Porto Seguro is a municipality located in the southern state of Bahia, Brazil. It shares with the neighboring municipalities of Santa Cruz CabrÃ¡lia and Prado the primacy of being the place of arrival of the Portuguese to Brazil in 1500. The village that gave birth to the municipality of Porto Seguro was founded in 1534. It has an estimated population of 145,431 (2015) and is almost completely covered by historical patrimony, and the construction of tall buildings (with more than two floors) is not allowed. It is cut by the BuranhÃ©m River.
By the year 1000, the Tapu indigenous tribes inhabiting the region were expelled into the interior of the continent due to the arrival of Tupi peoples from the Amazon. In the sixteenth century, when the first Portuguese came to the region, it was inhabited by the Tupi tribe of the Tupiniquins.
Porto Seguro is located in the region that was officially the first to be discovered by the Portuguese navigators in the current Brazilian territory. On April 21, 1500, the navigator Pedro Ãlvares Cabral sighted land after leaving the African coast a month earlier. The place sighted was Monte Pascoal, 62 kilometers south of Porto Seguro. The following day, the Portuguese landed on land for the first time in the present Brazilian territory, in a place whose exact point is still debated by historians.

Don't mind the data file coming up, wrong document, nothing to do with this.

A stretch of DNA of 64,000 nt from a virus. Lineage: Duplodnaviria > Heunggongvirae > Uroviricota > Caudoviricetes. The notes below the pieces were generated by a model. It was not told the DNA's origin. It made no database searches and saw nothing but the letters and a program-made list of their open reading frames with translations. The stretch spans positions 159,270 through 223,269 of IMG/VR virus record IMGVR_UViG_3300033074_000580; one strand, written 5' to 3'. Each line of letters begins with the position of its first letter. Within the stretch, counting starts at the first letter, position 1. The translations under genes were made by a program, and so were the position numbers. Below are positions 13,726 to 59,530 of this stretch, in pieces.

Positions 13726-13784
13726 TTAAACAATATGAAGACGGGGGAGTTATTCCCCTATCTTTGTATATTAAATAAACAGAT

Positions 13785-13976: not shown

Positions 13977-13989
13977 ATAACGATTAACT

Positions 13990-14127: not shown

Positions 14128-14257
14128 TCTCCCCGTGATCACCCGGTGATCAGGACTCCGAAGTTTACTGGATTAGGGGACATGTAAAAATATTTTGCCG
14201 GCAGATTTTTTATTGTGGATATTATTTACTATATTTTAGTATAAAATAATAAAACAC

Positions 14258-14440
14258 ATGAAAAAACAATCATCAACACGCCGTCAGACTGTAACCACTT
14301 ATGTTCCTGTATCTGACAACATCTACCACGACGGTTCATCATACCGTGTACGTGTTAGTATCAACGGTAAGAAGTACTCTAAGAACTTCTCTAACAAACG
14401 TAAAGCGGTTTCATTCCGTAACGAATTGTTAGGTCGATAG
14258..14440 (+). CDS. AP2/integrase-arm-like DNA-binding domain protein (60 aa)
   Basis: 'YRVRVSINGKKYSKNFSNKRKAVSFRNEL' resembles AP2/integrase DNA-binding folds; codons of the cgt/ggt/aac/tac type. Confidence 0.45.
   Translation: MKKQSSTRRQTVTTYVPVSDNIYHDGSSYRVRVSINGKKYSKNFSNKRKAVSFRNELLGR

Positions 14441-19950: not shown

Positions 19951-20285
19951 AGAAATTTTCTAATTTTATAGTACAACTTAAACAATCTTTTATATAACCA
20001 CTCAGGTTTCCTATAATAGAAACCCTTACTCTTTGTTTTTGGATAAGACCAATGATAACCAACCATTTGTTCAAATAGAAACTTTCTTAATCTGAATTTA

On April 24, the expedition anchored in Porto Seguro. The city had its first fort built in 1504 by GonÃ§alo Coelho. In 1530, when trade with the East Indies weakened, Portugal became interested in the new land discovered and came to take possession of it. This land was his to the Treaty of Tordesillas. In colonial times, Porto Seguro was called NhoesembÃ©.
Visiting the historical site of the Upper City of Porto Seguro is almost a must for the thousands of tourists who arrive in Porto Seguro – a National Monument city established by a presidential decree in 1973. One of the first housing estates in Brazil, Porto Seguro, besides Marco de Descobrimento, played an important role in the early years of colonization. Historic buildings can be visited during the day or enjoyed at night when under special lighting.